[TYPES/announce] Contract Position for Biological Modelling Language Development

Andrew Phillips Andrew.Phillips at microsoft.com
Tue Oct 4 11:39:00 EDT 2011

Contract Position for Biological Modelling Language Development
Microsoft Research, Cambridge, UK - 4th October 2011

Microsoft Research Cambridge has available a 2-year contract position for development of a programming environment for designing and simulating computer models of biological systems. The environment supports a family of modelling languages and simulation algorithms, which are being used in a number of key scientific projects, from building computational circuits in DNA (http://research.microsoft.com/dna) to genetic engineering of living cells (http://research.microsoft.com/gec) to understanding and predicting the response of the human immune system (http://research.microsoft.com/spim). The candidate will be working in an exciting new field at the intersection of computer science and biology, and the results of the project could potentially have an impact on a broad community of researchers, both in academia and industry.

The first objective of the position will be to extend existing biological modelling languages with high-level language constructs based on feedback from scientific collaborators in DNA computing, Synthetic Biology, Immunology and Developmental Biology. The language extensions will include high-level interaction mechanisms which mask some of the complexities of the lower-level languages, together with constructs for modelling biological experiments. The candidate will be expected to formalise these extensions using rigorous semantics and carry out the implementation work in F# for release online. If desired, the candidate will have the opportunity to publish the results in leading journals or conferences. The candidate will work closely with a User Interface developer, in order to connect the core language with a web interface, developed in Silverlight.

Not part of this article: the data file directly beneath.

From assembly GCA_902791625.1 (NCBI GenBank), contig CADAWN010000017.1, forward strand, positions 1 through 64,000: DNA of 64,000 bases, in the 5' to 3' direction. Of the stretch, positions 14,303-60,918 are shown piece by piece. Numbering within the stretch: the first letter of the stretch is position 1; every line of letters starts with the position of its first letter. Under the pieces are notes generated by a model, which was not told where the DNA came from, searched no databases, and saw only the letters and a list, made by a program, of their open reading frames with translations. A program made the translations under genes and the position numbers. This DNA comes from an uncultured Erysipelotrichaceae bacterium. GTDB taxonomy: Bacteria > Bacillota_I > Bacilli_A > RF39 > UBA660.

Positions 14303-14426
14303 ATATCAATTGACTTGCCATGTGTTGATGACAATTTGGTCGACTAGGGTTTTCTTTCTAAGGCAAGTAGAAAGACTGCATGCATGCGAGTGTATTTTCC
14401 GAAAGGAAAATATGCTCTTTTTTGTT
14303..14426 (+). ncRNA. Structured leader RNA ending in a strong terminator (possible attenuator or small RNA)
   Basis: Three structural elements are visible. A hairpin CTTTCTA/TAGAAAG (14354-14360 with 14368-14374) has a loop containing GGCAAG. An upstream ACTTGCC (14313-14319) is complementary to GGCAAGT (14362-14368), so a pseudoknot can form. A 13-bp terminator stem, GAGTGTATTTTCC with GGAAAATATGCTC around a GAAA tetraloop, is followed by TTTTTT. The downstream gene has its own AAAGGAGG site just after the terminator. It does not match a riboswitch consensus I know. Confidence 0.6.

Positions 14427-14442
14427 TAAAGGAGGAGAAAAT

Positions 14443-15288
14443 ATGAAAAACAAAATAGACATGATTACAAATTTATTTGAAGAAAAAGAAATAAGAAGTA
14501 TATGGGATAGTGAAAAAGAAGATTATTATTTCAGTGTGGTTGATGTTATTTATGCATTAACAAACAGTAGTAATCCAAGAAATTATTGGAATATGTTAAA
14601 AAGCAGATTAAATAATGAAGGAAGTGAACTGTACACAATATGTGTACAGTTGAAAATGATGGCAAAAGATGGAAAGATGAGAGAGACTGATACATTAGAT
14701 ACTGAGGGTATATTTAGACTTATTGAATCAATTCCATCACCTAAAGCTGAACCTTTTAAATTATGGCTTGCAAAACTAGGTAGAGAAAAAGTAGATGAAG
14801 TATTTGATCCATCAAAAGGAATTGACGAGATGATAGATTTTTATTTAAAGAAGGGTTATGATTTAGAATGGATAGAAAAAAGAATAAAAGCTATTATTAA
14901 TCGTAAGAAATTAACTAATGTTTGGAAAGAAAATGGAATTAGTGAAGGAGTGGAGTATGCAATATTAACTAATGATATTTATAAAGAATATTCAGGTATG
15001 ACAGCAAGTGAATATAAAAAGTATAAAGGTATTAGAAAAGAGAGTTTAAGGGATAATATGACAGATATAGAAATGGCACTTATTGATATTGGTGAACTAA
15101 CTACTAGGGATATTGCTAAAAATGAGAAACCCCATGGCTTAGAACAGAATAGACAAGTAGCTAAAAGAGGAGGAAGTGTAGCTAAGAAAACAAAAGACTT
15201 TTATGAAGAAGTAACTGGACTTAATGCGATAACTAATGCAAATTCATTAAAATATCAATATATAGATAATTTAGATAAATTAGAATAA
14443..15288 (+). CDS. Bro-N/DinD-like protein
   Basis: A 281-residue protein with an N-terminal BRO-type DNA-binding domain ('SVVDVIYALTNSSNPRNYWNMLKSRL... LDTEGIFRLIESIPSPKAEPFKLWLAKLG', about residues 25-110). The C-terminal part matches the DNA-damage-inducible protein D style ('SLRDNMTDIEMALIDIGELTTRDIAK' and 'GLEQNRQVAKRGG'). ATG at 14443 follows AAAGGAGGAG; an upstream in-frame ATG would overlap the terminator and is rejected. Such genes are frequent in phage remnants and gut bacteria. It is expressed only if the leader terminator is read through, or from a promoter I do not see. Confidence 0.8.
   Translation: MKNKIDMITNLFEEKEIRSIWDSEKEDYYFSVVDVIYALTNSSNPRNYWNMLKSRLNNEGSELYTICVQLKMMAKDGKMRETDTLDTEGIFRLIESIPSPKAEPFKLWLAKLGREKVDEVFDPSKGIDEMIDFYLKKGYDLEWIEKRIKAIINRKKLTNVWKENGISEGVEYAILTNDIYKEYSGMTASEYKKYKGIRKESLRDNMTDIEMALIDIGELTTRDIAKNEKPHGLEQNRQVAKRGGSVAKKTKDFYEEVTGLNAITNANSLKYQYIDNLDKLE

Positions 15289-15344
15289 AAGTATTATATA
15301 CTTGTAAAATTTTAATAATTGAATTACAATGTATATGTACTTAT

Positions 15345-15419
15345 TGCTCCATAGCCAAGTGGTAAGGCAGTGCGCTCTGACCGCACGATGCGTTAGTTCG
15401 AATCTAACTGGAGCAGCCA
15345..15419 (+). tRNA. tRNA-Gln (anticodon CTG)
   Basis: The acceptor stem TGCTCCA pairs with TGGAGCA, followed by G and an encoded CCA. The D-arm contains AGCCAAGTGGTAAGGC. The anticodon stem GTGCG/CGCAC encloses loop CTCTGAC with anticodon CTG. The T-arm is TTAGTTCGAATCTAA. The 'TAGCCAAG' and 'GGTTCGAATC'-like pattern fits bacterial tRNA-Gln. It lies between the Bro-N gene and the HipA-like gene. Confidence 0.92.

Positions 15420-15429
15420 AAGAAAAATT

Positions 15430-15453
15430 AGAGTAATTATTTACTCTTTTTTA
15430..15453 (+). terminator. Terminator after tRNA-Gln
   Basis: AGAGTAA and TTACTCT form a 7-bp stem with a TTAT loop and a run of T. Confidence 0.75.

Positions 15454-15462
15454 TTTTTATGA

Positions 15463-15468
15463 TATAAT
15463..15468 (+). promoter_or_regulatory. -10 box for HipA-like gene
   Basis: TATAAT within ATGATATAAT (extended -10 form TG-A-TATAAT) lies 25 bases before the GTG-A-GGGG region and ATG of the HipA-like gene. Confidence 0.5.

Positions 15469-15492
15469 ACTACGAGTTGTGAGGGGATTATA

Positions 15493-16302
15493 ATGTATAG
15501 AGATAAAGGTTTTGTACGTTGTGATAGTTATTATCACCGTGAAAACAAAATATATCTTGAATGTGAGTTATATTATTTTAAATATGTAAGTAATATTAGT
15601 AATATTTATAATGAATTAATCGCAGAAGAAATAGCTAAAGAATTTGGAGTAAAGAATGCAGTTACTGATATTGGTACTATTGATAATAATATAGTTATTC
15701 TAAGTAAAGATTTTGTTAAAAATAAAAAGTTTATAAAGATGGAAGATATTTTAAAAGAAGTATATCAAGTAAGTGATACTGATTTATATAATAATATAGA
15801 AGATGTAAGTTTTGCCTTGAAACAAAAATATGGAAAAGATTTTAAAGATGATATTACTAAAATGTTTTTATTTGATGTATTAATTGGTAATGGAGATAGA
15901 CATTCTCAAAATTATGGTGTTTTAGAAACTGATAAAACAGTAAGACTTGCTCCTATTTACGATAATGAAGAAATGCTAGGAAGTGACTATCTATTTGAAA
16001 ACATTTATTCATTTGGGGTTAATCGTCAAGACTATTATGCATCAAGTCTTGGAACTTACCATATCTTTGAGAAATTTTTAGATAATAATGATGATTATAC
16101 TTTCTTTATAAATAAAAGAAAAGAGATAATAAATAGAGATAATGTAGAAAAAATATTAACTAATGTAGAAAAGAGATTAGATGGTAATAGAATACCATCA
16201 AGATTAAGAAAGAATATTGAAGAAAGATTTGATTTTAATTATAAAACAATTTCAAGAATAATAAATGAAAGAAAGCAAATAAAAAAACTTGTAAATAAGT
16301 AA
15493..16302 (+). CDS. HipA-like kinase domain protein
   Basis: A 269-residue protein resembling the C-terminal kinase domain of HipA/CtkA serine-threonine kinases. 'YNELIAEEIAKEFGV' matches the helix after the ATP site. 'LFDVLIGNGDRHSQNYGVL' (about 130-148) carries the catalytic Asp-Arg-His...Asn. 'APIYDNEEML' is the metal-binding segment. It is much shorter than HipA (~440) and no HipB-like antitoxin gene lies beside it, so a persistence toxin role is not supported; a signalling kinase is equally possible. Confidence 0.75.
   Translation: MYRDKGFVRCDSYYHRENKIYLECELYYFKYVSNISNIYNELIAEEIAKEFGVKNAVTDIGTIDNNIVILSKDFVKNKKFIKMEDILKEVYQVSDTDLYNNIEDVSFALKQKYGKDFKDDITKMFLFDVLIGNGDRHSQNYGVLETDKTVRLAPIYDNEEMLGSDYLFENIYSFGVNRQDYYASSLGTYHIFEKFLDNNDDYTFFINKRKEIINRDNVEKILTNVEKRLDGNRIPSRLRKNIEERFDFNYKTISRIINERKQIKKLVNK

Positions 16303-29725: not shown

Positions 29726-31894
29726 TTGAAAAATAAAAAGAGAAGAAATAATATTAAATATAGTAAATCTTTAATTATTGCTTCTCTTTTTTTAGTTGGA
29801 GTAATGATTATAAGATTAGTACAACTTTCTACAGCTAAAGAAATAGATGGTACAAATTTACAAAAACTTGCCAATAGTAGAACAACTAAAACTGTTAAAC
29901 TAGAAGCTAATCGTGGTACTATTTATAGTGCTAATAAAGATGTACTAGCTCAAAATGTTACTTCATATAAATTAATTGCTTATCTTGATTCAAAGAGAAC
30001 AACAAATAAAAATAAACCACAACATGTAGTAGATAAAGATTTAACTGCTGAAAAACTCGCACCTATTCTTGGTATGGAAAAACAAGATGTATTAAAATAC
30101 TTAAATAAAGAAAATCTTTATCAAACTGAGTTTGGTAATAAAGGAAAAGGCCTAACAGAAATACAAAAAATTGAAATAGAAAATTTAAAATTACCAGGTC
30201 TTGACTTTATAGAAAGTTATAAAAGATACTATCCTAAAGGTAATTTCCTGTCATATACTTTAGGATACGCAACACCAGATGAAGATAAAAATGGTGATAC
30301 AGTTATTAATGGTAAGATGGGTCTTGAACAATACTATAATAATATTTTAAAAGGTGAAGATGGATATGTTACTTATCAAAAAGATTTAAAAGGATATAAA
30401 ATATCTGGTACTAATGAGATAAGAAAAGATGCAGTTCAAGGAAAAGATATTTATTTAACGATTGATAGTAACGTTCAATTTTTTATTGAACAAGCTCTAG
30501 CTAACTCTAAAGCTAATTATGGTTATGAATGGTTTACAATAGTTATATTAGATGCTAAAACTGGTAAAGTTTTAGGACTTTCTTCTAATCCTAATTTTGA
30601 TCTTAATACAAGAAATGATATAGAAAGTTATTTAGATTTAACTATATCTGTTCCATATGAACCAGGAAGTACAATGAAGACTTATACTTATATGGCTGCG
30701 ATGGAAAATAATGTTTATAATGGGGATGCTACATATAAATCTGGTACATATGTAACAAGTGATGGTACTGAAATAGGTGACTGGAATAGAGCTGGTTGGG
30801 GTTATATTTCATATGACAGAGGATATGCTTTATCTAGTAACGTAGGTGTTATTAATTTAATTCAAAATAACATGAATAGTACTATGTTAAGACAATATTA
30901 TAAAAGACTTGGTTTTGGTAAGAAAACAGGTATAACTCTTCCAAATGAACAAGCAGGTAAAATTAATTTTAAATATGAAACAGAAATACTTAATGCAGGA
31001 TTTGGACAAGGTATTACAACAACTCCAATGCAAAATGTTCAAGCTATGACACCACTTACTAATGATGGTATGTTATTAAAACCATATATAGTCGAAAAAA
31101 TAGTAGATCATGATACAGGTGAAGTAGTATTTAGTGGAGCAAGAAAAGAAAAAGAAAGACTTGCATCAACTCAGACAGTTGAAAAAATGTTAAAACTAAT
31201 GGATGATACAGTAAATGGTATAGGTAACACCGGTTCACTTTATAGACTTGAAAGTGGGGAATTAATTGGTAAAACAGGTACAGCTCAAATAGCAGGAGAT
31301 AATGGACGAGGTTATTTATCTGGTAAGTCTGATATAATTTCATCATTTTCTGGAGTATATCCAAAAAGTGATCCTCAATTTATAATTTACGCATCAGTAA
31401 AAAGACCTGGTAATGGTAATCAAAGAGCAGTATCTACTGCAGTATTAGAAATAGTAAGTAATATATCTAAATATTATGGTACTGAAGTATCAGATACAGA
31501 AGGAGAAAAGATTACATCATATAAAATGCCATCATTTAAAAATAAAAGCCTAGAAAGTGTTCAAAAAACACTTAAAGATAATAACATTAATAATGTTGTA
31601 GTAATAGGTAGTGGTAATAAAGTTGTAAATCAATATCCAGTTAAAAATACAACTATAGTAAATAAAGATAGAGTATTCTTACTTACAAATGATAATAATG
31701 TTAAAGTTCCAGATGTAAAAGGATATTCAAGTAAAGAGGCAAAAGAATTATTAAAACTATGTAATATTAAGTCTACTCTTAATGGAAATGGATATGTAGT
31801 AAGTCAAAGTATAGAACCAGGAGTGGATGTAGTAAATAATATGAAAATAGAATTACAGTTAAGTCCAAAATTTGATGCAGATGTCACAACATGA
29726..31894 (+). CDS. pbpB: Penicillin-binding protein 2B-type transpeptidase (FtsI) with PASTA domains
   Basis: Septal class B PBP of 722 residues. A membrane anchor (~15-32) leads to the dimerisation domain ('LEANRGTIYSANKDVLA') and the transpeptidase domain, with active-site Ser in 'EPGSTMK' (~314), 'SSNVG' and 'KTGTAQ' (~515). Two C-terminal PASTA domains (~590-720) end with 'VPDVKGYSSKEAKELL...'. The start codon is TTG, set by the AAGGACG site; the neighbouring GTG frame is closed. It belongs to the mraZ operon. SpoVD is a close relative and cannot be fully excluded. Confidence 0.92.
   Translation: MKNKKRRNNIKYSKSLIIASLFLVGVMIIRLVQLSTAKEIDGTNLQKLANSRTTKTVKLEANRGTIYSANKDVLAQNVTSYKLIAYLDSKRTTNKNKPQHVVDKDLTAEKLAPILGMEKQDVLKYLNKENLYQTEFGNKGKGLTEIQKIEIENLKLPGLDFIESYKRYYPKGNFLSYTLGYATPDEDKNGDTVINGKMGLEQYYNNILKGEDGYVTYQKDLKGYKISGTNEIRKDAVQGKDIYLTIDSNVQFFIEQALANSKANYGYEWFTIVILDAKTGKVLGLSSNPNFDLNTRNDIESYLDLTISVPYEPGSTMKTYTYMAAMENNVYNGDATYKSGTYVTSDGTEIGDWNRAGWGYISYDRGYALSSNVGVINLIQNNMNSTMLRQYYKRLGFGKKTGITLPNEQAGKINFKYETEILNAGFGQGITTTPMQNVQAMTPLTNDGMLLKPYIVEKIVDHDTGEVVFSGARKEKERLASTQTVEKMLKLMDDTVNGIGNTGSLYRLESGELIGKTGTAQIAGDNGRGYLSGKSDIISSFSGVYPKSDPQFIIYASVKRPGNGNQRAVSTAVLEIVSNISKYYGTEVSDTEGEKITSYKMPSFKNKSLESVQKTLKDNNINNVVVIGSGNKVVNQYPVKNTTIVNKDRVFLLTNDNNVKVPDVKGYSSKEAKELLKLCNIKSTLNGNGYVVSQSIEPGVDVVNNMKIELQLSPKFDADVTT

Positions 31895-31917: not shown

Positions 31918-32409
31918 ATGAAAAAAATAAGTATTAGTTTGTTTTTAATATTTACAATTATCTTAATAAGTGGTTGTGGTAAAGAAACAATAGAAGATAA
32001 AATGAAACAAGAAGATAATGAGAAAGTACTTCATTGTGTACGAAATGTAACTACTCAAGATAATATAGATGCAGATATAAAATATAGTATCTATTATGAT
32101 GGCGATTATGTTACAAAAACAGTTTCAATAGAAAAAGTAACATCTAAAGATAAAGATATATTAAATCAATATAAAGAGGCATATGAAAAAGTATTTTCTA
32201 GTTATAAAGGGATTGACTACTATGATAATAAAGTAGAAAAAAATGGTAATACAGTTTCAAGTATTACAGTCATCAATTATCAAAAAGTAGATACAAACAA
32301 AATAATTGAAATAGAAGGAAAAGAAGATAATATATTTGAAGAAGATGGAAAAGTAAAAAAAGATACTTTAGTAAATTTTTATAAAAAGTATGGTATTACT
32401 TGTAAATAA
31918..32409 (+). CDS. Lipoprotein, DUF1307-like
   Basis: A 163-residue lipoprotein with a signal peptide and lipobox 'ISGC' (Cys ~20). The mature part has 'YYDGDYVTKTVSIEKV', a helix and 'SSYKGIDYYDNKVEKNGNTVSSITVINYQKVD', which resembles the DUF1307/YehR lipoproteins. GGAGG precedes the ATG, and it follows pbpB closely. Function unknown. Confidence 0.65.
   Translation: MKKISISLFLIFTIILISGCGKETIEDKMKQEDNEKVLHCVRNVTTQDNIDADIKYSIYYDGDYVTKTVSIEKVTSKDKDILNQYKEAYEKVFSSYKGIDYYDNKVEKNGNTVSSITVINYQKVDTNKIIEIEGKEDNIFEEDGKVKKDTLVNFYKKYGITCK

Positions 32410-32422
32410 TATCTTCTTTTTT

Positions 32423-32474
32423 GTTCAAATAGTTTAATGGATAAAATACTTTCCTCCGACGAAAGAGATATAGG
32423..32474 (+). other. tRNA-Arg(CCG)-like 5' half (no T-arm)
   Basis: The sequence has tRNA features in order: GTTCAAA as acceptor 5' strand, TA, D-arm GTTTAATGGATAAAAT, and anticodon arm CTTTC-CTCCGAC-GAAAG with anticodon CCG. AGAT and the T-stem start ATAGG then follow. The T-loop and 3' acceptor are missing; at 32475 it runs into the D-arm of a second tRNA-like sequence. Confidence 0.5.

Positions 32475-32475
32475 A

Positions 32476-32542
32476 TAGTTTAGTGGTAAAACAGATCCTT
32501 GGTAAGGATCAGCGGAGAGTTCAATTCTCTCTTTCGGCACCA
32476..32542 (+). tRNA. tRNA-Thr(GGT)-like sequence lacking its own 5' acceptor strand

The second objective of the project will be to integrate multiple modelling languages simultaneously within a common language runtime for biology. Preliminary details of this work are available from http://research.microsoft.com/bme/draft.pdf<http://research.microsoft.com/bme/Draft.pdf> . The work will also involve extending the scope of the runtime to handle state-based and scenario-based modelling languages.

The candidate must be willing to work in Cambridge, UK, and the contract is for 2 years. Interested candidates should contact Andrew Phillips (firstname.lastname at microsoft.com<mailto:firstname.lastname at microsoft.com>) with a CV. The start date is flexible, however the position is available from December 2011.

Duration of contract: 2 years
Location: Cambridge
Education: MS. or Ph.D. in Computer Science.
Required skills:

  *   Strong applied functional programming skills in Standard ML, OCaml, F# or Haskell.
  *   In-depth knowledge of programming language theory.
  *   Experience in programming language implementation.
  *   A strong desire to contribute to the scientific community through the development of concise, efficient, scalable languages and tools for modelling and simulation of biological systems.
Additional desired skills:

  *   Knowledge of stochastic simulation algorithms such as Gillespie's Direct Method, or ability to understand research articles on related algorithms for subsequent implementation.
  *   Familiarity with process calculi and associated theory.
  *   Experience with implementing inference-based type systems.

Background: The candidate will be based in the Biological Computation Group at Microsoft Research in Cambridge. The group is studying biological systems across multiple scales and is tackling fundamental scientific questions across multiple domains. Current projects include designing molecular circuits made of DNA, and programming single cells that cooperate to perform complex functions over time and space. We also aim to understand the computation performed by cells during organ development, and how the adaptive immune system detects viruses and cancers in the human body, focusing on mechanism and function. We are tackling these questions through the development of computational models and domain-specific computational tools, in close collaboration with leading scientific research groups. The tools we develop are being integrated into a common modelling environment. Further information about the group is available at http://research.microsoft.com/biology , including links to our software tools, which are freely available for use by the scientific community.

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